Home > Artists > Tuff House 20 Questions: Raz-Coco

Tuff House 20 Questions: Raz-Coco

Raz-Coco Songwriter & MC


How long have you been making music?
Probably a year, two years? A year, that I’ve been makin’ it.

What’s your favorite food?
Lasagna, mama’s lasagna. She kills a spaghetti, also! [laughs] But her lasagna’s where it’s at!

What’s your favorite city?
Edmonton, Alberta

Who’s your favorite artist of all time?
Hmmm, one artist of all time. I’d have to say, including hip hop, poetry, the movement and everything, Tupac Shakur

What musical trend would you like to see end right now and never, ever come back?
Y’know what, I think all forms of rap contribute to hip hop, so I can’t choose one to disappear. But I guess I’d say hating. Beefing. Rappers that really take that sh*t seriously. It makes us look stupid all over, and people really take this sh*t to the streets, because they can’t control their feelings

What’s been your favorite collaboration to take part in so far?
I haven’t done many, but I’d say that working with C-Matt has been a great inspiration. Havana, Tuff House. My crew Cardiac, my friends, everybody who’s spit and cyphered with me, anybody who gives input critical or otherwise

Who are three artists you would you like to work with in the future?
Quentin Tarantino – I’d like to make some art with him. Dr. Dre, as a producer.  And Nicki Minaj, because we’re born on the same day, and I’d like to bounce off some female energy

What made you want to be a hip hop artist?
The love. The culture, the love of the culture. The inspiration, the change, the connection. How it touches people, the stories, the hope, the faith, the saving of people. It’s the message being told

What’s the advice you’d give to somebody who wants to become a hip hop artist like yourself?
don’t listen to anybody. Do your own thing. When you’re writing, shut out the world and just do what’s honest. Whether or not people like it, be honest and keep at it. You’ll find who you are if you don’t stop

How long does it take you to write a song, on average?
Completed, on average 3 weeks. That’s written, revised, and memorized

What’s the hardest thing about being a hip hop artist?
Anxiety, critics, being able to do things on the spot

What inspires you, in general?
I got mad ambition, but outside of that I guess it’s just me fighting me. The fact that I have something to do and say means I have to do this, I have to wake up in the morning and I have to get it out. If I sit back and try to contain it, it will bottle up inside of me, and I might blow up [laughs]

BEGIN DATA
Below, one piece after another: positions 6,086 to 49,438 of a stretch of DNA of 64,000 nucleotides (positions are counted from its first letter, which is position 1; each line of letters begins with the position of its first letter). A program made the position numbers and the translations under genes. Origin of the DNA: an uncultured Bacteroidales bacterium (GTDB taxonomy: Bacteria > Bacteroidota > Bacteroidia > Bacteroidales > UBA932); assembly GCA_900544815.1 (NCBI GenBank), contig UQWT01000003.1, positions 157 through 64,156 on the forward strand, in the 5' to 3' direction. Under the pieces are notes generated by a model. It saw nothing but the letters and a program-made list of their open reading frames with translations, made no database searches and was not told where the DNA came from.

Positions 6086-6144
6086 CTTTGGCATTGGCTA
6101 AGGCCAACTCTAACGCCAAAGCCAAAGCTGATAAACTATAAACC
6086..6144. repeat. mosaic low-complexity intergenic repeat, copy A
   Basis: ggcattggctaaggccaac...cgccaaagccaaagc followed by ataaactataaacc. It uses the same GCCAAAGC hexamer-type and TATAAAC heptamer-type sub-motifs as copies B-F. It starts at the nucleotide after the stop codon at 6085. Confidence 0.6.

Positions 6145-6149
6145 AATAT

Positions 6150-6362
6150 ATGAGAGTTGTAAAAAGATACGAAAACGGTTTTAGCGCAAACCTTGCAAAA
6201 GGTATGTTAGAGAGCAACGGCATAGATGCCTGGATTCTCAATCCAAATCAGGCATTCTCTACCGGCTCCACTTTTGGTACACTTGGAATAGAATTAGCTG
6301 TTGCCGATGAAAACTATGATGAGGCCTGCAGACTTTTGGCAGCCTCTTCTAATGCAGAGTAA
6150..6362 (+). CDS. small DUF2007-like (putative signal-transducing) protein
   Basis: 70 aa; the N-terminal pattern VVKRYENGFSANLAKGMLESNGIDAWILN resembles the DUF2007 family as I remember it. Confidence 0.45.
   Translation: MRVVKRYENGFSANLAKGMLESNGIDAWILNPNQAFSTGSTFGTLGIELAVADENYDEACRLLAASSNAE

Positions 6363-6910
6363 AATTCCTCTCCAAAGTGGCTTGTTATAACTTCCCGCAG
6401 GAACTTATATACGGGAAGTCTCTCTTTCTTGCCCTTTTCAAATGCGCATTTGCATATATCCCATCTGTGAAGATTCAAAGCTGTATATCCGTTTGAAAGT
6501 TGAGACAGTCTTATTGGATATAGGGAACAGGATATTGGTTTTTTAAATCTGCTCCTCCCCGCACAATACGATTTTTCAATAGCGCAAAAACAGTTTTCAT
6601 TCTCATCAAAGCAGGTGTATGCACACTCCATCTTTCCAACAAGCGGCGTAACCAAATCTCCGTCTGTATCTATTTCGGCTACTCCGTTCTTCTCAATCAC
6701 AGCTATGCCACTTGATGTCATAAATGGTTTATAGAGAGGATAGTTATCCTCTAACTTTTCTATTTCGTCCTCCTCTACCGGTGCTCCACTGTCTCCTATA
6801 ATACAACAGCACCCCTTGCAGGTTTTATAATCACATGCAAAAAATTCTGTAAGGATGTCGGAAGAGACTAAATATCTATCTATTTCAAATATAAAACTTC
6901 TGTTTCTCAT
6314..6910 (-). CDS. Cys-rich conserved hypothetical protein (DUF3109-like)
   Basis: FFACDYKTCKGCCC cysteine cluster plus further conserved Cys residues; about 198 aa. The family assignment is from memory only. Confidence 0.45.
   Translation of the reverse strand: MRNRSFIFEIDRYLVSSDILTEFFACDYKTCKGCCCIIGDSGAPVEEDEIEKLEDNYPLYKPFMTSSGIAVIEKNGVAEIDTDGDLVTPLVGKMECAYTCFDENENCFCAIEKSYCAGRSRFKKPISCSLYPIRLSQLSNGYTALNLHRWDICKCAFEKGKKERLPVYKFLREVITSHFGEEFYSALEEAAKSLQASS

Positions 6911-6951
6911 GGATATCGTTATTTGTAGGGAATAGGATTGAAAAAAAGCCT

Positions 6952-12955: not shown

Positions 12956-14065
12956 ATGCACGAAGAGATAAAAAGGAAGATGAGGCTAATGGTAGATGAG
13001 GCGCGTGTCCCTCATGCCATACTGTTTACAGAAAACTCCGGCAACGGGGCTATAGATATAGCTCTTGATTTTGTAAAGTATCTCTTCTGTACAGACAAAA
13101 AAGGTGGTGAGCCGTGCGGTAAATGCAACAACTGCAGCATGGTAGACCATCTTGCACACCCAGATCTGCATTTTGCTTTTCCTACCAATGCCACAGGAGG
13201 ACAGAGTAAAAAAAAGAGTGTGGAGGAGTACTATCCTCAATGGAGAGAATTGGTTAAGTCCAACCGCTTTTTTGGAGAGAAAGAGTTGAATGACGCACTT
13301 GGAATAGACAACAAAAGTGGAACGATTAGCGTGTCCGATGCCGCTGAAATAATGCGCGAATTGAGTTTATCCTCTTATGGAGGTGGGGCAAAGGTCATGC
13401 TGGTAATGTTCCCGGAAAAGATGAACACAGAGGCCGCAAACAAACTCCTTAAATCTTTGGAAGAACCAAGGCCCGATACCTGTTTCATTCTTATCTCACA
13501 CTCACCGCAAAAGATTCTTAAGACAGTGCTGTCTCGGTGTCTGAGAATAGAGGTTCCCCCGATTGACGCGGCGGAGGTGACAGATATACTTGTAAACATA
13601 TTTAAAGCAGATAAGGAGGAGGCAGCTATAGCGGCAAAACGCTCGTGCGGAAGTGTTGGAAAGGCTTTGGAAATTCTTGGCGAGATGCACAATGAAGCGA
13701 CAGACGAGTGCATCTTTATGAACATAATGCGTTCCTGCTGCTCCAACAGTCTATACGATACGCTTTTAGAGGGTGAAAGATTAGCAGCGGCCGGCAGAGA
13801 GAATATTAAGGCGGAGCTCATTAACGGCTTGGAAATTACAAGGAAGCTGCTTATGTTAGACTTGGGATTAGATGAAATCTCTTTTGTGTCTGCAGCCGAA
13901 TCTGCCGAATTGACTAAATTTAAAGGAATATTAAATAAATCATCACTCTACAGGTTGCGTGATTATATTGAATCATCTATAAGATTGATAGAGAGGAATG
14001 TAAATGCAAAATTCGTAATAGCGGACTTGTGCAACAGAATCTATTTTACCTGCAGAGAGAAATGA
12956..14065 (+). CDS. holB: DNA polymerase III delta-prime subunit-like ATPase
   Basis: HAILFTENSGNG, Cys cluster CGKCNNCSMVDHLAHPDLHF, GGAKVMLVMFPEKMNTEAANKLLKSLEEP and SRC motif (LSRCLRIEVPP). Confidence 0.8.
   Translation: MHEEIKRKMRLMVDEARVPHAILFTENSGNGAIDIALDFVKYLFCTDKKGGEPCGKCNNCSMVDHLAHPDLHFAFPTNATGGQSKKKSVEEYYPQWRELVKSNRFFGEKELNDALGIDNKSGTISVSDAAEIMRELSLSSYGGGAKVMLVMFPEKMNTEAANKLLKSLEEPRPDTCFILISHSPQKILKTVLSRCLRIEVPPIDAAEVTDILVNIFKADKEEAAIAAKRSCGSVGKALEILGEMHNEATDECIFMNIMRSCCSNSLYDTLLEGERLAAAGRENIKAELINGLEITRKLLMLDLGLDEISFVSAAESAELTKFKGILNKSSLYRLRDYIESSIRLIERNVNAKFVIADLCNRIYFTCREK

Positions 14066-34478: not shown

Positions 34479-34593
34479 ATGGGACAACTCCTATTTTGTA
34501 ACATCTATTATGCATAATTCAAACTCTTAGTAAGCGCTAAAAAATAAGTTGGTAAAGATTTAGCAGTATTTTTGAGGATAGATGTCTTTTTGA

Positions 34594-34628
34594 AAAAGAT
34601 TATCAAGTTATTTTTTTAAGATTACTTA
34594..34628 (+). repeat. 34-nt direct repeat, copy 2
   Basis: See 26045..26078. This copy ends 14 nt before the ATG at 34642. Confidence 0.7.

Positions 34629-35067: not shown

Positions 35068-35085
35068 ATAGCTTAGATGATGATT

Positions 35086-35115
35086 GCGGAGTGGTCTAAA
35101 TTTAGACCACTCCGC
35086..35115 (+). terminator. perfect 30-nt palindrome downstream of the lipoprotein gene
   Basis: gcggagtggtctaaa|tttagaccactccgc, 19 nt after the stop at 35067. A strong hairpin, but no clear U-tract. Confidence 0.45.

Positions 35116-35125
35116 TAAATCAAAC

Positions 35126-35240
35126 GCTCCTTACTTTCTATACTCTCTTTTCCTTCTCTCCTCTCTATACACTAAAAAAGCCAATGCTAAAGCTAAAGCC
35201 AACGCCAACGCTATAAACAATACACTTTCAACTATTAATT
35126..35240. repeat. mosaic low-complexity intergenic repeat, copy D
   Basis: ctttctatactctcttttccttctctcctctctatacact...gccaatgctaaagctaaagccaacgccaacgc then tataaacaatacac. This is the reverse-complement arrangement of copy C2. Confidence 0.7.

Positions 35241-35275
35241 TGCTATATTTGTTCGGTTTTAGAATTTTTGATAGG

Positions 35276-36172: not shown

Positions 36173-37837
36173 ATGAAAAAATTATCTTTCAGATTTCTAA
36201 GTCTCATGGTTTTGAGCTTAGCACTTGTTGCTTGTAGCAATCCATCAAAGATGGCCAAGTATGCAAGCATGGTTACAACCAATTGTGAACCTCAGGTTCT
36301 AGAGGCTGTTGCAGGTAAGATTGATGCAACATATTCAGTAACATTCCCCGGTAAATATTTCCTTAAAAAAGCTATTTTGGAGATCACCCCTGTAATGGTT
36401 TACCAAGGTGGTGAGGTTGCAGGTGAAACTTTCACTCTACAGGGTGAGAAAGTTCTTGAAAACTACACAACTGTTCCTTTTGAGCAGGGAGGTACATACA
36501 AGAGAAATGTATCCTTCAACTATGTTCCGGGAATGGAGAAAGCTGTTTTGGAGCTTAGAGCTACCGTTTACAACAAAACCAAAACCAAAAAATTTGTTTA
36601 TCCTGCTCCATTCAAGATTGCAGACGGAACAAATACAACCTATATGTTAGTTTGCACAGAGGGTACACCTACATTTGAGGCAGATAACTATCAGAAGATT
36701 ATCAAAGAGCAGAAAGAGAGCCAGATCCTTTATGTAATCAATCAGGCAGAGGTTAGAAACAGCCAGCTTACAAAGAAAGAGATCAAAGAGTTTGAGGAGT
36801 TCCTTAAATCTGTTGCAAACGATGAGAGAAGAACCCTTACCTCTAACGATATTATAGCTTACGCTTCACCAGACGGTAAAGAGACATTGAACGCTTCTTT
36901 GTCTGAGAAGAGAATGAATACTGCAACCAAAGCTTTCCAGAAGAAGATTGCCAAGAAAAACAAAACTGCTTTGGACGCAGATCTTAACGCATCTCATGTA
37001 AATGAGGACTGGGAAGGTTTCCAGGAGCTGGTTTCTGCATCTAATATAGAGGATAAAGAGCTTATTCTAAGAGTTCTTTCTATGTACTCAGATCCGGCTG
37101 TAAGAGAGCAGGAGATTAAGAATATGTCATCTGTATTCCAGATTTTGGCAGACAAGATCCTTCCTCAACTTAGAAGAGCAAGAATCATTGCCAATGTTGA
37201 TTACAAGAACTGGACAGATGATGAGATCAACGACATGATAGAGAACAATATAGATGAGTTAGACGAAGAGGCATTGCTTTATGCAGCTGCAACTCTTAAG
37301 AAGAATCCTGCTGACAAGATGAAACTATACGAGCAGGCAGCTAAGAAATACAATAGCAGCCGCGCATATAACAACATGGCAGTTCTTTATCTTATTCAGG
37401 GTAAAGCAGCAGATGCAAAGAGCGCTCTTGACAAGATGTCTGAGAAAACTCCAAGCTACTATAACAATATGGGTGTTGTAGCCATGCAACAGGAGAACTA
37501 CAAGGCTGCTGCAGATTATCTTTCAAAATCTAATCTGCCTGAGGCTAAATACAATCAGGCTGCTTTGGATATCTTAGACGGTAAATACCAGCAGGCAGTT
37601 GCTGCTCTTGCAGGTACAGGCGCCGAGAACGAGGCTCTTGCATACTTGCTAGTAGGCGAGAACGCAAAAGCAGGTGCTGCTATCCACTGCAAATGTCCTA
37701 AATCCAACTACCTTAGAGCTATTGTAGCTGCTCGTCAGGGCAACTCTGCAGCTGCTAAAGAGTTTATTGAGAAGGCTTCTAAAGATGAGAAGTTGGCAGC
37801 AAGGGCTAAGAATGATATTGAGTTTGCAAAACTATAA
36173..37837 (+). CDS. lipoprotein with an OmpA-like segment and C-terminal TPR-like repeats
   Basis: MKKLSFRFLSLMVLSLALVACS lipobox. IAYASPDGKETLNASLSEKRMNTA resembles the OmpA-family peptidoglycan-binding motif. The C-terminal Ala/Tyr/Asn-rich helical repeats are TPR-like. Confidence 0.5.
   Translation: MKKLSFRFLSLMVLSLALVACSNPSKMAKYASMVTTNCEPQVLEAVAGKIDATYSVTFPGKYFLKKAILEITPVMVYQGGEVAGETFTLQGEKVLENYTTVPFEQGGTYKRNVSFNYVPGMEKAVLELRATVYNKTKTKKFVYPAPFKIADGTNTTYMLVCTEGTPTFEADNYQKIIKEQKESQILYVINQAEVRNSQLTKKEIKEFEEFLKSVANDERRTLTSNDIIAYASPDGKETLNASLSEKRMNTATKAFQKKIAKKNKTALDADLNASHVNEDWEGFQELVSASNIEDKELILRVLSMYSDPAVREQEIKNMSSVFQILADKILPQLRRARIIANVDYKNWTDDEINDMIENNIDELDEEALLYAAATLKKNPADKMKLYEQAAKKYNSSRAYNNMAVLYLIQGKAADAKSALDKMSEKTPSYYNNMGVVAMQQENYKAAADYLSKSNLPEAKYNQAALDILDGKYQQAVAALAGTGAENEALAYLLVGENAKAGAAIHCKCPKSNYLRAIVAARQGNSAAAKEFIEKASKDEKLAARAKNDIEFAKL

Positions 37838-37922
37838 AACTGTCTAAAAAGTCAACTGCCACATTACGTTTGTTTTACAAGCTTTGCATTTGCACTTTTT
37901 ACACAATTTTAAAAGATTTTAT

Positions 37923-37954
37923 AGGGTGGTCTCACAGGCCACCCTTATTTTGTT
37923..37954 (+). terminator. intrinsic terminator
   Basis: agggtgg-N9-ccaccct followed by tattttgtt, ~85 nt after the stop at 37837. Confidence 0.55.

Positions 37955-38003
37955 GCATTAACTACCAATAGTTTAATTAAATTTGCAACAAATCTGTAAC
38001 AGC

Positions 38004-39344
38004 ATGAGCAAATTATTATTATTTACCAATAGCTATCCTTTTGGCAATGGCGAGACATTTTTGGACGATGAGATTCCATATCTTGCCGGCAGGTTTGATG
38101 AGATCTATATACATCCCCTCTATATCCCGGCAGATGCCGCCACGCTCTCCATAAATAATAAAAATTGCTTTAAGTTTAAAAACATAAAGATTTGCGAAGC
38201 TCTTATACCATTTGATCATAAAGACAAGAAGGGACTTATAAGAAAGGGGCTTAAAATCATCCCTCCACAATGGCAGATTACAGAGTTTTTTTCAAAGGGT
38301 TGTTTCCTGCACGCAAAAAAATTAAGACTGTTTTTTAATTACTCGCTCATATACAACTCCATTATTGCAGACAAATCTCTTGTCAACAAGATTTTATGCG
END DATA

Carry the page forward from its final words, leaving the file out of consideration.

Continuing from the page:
What’s your favorite color?

What other styles of music inspire you?
Country, rock, reggae, R&B. All music inspires me, but those in particular

What are three artists you’ve got bumpin’ right now?
I’m listening to Vinnie Paz (and that whole clique, Ill Bill, Jedi Mind, Heavy Metal Kings), Tupac Shakur, and DMX

Are there any myths about the industry you’d like to dispel?
How about that you’re getting all this money, you only roll with dimes, you deal ll these drugs and you’ve never been in jail? The super fake thug is completely unrealistic

Is we finish, or is we done?
We finish [smiles]

What do you have coming up that we can all look forward to?
You’re gonna hear me come out with a mixtape with a lot of concept and story based songs, I like to do a lot of abstract rap sprinkled with a little gangster-ism

What, to you, is ‘Living the Dream’?
Doing what you love, and getting paid for it

Any shoutouts?
Shouts to all the people close to me that’ve died, my family for holding it down, the city, the creator for keeping me alive, and to beauty!

Bonus Question: What do you have to say about the current legalization debate facing us as Canadians?
Legalization is a good thing. I think it would help the country a lot. That said, I think decriminalization is better. If you don’t wanna legalize  it whatever but don’t give me a hard time for smoking a joint. If you catch me with it and take it from me, ok, but don’t f*cking charge me

Extra Credit Bonus Question: As a person of colour, what do you have to say in regards to the recent acquittal in the Freddie Grey case, and about the state of affairs regarding racism and inequality in North American society today?
Y’know, somebody got murdered, so with that, we need to treat everyone equal in murder cases. It’s dangerous all over, vigilantes and keeping people safe become a fine line. I mean, who’s really to blame when people are getting away with murder? Wrong is wrong. If we’re not gonna penalize wrong, what’s next? This is about to pop off into way deeper levels of crazy if we don’t nip this in the bud. It’s not logical and it’s simply wrong! Racism aside, this is still a big f*cking issue and the government is only as good as its people, which means that it’s up to us to stand up and say something. The issue is certainly alive and unwell, and it affects me very deeply

Leave a Reply